H.R. 6201: Families First Coronavirus Response Act

Overview


This legislation has now passed both the House and the Senate and has been enacted into law by the President. The effective date is 15 days after enactment: April 2, 2020.

In Depth


Executive Summary

  • This legislation applies only to employers who employ less than 500 employees.
  • This legislation is not retroactive; its provisions will apply beginning 15 days after enactment. The legislation is limited to just this coronavirus pandemic; its provisions expire on December 31, 2020.
  • This legislation mandates covered employers provide paid leave for employees affected by the coronavirus if those employees are unable to work or telework. This is being done in two components:
    • Two weeks (80 hours) of paid sick time at the employee’s full regular rate of pay, subject to dollar caps; this is reduced to two-thirds pay if the leave is due to caring for others (e., a sick or quarantined family member or a child whose school is closed or whose childcare provider is unavailable due to the coronavirus).
    • Ten additional weeks of FMLA leave but only for those who must stay at home to care for a child whose school is closed; these 10 weeks will be paid at two-thirds the employee’s regular rate of pay, again subject to dollar caps.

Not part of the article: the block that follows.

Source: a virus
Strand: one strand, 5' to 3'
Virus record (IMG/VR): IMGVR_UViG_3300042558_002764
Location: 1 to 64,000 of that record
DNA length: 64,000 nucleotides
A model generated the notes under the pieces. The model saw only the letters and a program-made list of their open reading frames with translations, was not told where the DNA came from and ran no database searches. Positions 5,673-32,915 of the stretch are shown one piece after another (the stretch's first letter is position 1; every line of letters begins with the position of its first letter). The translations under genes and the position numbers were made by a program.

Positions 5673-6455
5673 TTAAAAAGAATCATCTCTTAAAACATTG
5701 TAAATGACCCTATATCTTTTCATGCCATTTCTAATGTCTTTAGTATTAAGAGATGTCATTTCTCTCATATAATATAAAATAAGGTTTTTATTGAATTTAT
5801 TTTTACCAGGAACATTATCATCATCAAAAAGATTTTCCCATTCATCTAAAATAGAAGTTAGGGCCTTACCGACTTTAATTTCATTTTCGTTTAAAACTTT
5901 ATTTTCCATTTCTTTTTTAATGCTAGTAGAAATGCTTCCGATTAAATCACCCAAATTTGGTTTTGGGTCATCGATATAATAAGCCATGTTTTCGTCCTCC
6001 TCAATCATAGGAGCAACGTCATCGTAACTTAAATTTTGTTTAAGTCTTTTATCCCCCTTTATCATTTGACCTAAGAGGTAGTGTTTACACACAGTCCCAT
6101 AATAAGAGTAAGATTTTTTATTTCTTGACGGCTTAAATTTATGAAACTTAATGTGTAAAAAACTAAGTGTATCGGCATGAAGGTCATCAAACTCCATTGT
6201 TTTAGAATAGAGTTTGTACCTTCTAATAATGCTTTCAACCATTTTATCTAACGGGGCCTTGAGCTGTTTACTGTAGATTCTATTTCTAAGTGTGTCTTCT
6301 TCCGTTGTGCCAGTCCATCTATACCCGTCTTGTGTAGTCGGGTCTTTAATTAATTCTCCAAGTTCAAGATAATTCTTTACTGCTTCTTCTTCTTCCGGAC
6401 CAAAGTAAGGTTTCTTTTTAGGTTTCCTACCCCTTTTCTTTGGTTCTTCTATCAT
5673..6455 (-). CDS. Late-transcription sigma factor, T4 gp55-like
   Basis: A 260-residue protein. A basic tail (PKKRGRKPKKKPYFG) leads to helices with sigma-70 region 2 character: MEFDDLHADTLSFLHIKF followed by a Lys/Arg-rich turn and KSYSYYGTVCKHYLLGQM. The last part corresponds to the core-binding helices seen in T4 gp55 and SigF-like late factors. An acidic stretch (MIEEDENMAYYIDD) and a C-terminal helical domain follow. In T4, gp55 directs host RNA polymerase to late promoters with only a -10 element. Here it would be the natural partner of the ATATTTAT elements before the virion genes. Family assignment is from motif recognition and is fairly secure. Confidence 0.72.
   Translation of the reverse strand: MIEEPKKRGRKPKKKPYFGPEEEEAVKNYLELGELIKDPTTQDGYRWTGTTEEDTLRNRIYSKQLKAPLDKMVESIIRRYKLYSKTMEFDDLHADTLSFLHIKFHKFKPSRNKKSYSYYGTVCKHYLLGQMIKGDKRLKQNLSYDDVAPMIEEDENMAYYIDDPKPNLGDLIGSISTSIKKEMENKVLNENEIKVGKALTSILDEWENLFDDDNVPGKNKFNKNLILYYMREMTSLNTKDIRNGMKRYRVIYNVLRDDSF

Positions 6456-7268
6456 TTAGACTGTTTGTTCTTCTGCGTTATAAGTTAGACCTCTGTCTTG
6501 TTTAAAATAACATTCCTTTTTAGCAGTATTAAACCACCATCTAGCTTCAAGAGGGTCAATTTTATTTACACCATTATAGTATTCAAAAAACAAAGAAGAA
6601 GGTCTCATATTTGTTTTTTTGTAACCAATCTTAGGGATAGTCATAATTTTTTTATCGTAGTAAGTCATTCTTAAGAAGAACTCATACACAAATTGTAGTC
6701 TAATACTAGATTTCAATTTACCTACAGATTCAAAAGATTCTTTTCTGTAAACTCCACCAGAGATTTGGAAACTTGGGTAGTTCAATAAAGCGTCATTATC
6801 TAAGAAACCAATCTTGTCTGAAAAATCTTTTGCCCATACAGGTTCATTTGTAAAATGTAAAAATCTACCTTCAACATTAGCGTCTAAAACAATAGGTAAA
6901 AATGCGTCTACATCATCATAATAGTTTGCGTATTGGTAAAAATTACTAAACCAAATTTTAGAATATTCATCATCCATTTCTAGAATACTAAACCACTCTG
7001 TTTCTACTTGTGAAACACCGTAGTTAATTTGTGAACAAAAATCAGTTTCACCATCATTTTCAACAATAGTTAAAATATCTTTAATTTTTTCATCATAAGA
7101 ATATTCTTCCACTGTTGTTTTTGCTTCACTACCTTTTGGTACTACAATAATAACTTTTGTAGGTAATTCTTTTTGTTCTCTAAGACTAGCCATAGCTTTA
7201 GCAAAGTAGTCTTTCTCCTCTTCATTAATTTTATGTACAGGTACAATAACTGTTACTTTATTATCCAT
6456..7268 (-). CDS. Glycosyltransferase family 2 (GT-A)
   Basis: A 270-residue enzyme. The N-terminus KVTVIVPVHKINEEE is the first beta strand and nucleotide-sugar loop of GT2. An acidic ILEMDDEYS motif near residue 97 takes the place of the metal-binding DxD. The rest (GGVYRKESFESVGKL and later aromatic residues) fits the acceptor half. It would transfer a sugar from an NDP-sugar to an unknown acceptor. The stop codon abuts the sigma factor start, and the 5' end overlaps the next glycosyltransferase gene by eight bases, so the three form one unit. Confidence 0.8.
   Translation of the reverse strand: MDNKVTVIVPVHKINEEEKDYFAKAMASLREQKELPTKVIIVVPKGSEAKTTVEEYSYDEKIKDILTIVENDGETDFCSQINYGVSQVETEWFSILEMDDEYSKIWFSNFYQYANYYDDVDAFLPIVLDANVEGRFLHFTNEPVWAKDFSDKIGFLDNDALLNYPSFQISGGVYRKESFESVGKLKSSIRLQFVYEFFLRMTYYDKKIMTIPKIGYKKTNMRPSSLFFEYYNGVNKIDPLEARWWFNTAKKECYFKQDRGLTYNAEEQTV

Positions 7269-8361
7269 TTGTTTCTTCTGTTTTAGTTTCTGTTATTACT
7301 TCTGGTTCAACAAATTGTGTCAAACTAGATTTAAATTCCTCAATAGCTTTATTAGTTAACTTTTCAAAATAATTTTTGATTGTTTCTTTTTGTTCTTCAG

• This legislation provides payroll tax credits to offset all costs of providing these paid leaves.
  • Other proposals concerning cash payments to every American; tax relief; and other stimulus provisions for the economy are still under consideration in Congress.

Practical Implications

For employers who employ less than 500 employees, this law can impose monetary burdens. Because the credit is only realized when the payroll tax is paid, there may be cash flow concerns for certain employers. Additionally, because the initial two work weeks of emergency paid sick leave covers not only employees who have COVID-19 or are suspected to have COVID-19 but also employees subject to a quarantine or isolation order, this benefit could possibly be used by a broad swath of employees as more states and cities consider such isolation orders. Regardless of financial impact, there is also an administrative burden: covered employers must adjust their policies to comply, including communicating the specifics of the new policies to your employees.

For employers who employ more than 500 employees, this legislation just does not apply.

In More Detail